A primer is a coating that is applied to a substrate that bridges the performance between the substrate itself and the ink that is printed on it. A good primer keeps the ink on the surface, minimizing the amount of ink that has to be used in order to get a great print while promoting adhesion to the substrate and print longevity. Primers may be applied to substrates before an end user purchases the substrate and others are applied by the end user as either an inline or offline process.
An OPV is a clear coating that is applied over the ink to improve print durability and/or to add a special effect such as gloss. OPVs are typically applied by the printer often inline with the print process.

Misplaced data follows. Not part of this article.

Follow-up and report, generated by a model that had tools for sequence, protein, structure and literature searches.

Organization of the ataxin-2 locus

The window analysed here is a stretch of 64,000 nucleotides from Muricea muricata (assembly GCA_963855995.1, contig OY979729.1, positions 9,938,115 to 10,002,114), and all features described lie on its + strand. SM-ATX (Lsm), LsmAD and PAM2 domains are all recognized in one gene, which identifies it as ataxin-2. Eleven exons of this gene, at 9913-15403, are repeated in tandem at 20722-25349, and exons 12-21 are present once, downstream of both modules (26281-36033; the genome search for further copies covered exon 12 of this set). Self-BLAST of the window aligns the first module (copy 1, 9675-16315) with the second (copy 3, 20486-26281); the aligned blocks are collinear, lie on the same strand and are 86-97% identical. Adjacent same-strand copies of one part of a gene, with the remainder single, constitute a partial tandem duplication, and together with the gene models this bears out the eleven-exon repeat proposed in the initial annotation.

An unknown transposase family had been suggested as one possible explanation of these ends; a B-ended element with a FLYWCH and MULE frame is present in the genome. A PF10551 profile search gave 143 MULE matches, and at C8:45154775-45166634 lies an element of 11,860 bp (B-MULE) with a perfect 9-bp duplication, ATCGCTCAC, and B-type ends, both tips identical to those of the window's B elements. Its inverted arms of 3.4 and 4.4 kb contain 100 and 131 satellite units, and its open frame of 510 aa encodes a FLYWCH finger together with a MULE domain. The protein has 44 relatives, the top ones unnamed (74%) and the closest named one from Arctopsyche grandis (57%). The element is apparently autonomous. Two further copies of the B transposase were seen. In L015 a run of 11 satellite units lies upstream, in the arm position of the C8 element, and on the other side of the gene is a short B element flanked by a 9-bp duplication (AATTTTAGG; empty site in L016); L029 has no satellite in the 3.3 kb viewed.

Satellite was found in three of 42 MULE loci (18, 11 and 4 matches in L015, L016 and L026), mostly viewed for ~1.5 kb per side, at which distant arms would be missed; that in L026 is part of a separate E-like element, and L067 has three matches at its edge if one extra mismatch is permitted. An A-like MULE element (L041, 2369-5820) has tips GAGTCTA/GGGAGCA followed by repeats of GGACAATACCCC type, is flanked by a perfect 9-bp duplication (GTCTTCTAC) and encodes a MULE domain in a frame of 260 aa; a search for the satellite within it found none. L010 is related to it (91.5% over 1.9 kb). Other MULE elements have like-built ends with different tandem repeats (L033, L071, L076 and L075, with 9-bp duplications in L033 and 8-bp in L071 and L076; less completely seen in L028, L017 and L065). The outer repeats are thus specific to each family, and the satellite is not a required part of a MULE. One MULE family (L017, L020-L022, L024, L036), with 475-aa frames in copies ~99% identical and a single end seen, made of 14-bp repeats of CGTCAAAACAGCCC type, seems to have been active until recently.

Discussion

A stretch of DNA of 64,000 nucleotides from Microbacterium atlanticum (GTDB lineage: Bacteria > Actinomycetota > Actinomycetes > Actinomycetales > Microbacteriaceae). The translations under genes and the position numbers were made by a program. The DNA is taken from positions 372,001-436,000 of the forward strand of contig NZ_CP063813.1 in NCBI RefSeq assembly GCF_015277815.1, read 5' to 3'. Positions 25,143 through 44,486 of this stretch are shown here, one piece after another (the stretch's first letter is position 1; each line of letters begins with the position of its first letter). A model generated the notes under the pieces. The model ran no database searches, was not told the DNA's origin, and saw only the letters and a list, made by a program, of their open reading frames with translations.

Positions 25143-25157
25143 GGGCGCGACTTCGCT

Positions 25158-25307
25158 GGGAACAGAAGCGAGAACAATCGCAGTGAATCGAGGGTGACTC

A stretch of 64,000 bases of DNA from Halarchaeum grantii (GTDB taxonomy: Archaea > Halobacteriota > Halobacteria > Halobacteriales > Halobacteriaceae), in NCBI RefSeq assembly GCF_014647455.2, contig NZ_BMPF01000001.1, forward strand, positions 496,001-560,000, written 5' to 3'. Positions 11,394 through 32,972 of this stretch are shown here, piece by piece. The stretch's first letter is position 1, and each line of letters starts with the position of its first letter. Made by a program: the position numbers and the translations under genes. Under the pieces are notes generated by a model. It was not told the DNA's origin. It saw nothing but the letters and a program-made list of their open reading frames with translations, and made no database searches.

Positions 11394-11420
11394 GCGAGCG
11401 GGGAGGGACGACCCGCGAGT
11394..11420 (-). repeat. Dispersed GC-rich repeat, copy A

OEMs are experts in printer engineering and ink development. However, an OEM’s expertise may not extend to the development, or application of, primers and/or OPV coatings. Printers use many different substrates. The combinations of substrate, primer, ink, OPV, printer, printhead are nearly limitless. Media that are truly designed for the given print application, print machine and ink can be a real challenge. The level of complexity requires expertise in each area to optimize the media for a given application and print system. To achieve the right print media for the application, coating expertise is needed in addition to ink, printhead and printer expertise.